I LOVE this skirt and I’ve worn it four times already as is, but it has reminded me of an article I once read about the fashion industry taking the ancient art of shibori and turning into a print. I realize one day this skirt should be replaced with a fully handmade version, from the dyeing process to the sewing. In a world where a child didn’t dominate my time, I’d prefer to grow the indigo and make my own vat…but back to my current reality: I’ve ordered a shibori kit from Dharma Trading Co and added the project to the end of my current list. I’ll be wearing this proudly in the meantime though, especially once lined and properly finished to my perfectionist preferences.

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Here’s my favorite way I’ve styled it so far. I felt like a million dollars when I wore this on Mothers Day, even though it only cost me six! Bonus: looks pulled together, feels like pajamas.
  • vest (Wet Seal, thrifted years ago, $1)
  • shoes (Simple, thrifted, $2)
  • cat shirt (thrifted and restyled, $1)
  • skirt (thrifted and restyled, $2)


Once upon a time, I wrote enthusiastically about all the slow style posts I was planning on. They haven’t come to fruition, but I’m getting back to work on my original goals for the series and hope to have more thrifting, styling and outfit posts sprinkled in between sewing project features. One new development is this little bro turned 3 and he’s my new photographer! Although, I’m not above mirror selfies in a pinch.

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Me Made May 2017

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All 10 pieces in my “Me Made” wardrobe

I loved scrolling through the flood of Instagram photos and reading the thoughtful blog posts surrounding Me Made May last year and it’s inspired me to participate this year. If in it’s 8 years running, you’ve not heard of it, more details here.

I currently have 10 pieces (8 handmade / 2 thrifted and restyled) and I’m a SAHM making athleisure perfectly appropriate for my days of gardening, cooking, cleaning, toddler crafts and play. The day may come that I make my own yoga pants, but for now I prefer to focus my sewing on my personal style and support decent companies when shopping for those other pieces life requires. All things considered, my challenge will only include days I actually dress to leave the house for errands, meet ups, appointments or weekends out. Here’s what I arrived at:

I, Kaci of textileandstitch.com / @textileandstitch IG , sign up as a participant of Me-Made-May ’17. My goal is to wear each one of my 10 me-made / restyled pieces at least two different ways during the month. I also plan to add 4 pieces from my mend/restyle drawer back into my closet by months end…so 1 per week, hopefully?!

Looking forward to browsing #MMMay17 on Instagram and expanding my sewing community!

#2017MAKENINE: 3 Schnittchen Anna Dress

Here I am, a little later than expected, with my 3rd project for #2017makenine. Below is a quick recap of my plans and today I’m sharing the Schnittchen Anna, a simple A-Line dress with kimono sleeves and side slant pockets.

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Since this is my 3rd project, it makes sense that I’d sew it up 3 times, right?! Well, it wasn’t the plan, but that’s how it went down and I have ONE new dress to add to my closet after all that. I should add that the issues I had were 100% user error. The pattern is perfectly drafted. So, a brief rundown.

Round 1

02-20-17 Anna DressFor this version, I attempted to grade between sizes based on my measurements and quickly learned that reading blogs about other makers grading between sizes does not an expert make. Add an afternoon at a brewery before jumping in and I should have seen disaster on the horizon. Needless to say, my grading skills paired with fabric that was pretty shifty resulted in a dress with too many issues to correct. This will be cut apart to salvage what I can of the fabric.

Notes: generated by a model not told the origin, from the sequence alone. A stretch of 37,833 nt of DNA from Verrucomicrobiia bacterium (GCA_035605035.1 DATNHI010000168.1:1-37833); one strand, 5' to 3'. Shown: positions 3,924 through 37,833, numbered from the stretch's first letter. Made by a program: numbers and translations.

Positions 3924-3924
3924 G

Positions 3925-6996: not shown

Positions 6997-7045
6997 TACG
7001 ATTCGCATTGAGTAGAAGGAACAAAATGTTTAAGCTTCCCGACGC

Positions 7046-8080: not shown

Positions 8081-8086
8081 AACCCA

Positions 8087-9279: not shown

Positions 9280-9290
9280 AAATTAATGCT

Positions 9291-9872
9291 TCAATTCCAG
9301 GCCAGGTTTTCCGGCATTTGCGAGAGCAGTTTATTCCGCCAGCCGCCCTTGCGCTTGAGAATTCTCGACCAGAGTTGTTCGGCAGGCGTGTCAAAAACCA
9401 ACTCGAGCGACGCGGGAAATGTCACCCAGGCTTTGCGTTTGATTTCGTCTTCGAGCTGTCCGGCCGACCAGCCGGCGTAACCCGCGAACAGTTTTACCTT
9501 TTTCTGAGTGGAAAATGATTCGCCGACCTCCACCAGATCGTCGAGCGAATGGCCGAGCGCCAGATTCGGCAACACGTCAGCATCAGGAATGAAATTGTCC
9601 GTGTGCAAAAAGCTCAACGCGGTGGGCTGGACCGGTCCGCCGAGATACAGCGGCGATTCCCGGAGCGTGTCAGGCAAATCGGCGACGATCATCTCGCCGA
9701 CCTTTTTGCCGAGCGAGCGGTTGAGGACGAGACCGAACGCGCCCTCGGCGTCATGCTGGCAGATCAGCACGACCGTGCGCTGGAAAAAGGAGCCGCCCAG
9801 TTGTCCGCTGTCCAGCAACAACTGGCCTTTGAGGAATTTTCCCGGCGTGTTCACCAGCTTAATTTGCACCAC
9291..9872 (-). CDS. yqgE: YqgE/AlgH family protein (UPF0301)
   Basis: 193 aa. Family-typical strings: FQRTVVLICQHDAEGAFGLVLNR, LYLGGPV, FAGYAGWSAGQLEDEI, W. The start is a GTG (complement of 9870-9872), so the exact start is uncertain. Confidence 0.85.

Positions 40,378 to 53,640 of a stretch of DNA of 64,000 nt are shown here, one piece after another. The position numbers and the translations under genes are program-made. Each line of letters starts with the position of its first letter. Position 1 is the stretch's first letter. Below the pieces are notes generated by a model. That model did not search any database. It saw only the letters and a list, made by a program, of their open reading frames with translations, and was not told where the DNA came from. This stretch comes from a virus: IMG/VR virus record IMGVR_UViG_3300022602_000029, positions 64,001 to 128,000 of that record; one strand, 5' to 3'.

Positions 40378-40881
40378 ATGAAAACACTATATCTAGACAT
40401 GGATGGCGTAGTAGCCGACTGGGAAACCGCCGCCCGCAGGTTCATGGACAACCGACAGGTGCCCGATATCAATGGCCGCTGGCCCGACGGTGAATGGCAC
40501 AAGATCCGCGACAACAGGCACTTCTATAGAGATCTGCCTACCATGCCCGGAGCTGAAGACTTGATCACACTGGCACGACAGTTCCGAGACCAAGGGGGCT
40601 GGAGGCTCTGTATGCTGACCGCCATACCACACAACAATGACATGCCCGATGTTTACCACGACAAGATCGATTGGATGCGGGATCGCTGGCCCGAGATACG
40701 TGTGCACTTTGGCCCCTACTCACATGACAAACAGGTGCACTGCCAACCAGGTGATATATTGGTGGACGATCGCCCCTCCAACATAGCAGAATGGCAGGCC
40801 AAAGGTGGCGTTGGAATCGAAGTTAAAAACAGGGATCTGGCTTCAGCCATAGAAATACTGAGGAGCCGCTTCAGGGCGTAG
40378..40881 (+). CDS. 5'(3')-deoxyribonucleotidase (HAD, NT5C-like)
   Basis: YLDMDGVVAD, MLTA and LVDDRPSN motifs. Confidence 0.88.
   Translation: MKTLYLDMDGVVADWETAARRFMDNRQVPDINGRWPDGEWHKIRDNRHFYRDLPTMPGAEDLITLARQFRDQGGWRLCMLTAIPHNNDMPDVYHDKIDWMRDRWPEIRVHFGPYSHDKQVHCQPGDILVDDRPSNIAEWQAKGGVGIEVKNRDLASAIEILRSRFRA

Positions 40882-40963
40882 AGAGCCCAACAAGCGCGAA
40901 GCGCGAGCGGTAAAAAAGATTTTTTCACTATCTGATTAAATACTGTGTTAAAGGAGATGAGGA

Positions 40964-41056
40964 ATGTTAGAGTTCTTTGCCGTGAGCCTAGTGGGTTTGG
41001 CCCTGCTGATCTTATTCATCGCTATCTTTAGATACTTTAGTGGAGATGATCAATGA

Round 2

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Don’t mind the un-showered selfie in my kiddo’s messy room

For this version, I re-traced the pattern using a straight size 38 based on my bust and hip measurements. My only modifications were to omit the patterns facings to finish with a back zip and bias facing instead and shorten the sleeves. This wasn’t a total failure, but the fabric feels a little too granny chic (luckily it was $2 at the thrift store), the pockets are too high due to my long torso and I’m not loving the A-line silhouette on me. Since the pockets and hem can be easily remedied, this will go in my fall/winter storage and may come back out to pair with tights, boots and sweaters later this year.

3rd Time’s a Charm!

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LOVE at last! For this version, I went back to my traced size 38 pattern with the already shortened sleeves, dropped the pocket placement 3″ and took 3″ off each side of the hem, blending up to the new pocket notch. After these final adjustments, I was just able to squeeze the pieces out of 1 1/2 yards. I flat felled the side and shoulder seams, which resulted in the one bummer about this dress…no pockets. I found some instructions online for in seam pockets with flat felled seams, but I got mixed up and basically did the trimming and folding backwards. The only way I could see to salvage it, without risking the dress being too small, was to omit them.

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It was an afterthought to drop the front neckline by 1/2″ to eliminate the closure, so on a future version I could cut both the front and back on folds to get rid of the center back seam. The plus side, when considering slow fashion, is I have the option to change the shape of the dress if I tire of the shift and want to fit it more in the future.

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I had considered keeping some of the edges unfinished so when I ran out of thread before hemming, I decided to give it a wash and wear to decide how I like the frayed end. It hasn’t been washed yet, so the jury is still out. I love how easy this dress is to wear! No special underwear required, not see through, interesting alone but easy to pair with any sweaters, jackets, shoes or accessories in my closet. Definitely a win. My only concern with the fabric is it smelled of chemicals even after washing and drying the yardage, so in terms of ethical clothing this probably doesn’t score high on the environmental front. I’ll definitely be more mindful fabric shopping from now on, but this color and style filled a huge gap in my wardrobe.

I followed along with Me Made May last year but wasn’t ready to play along yet, so I’m looking forward to finding a challenge that will work for me this year. Be back sooner than 2 months…I think 🙂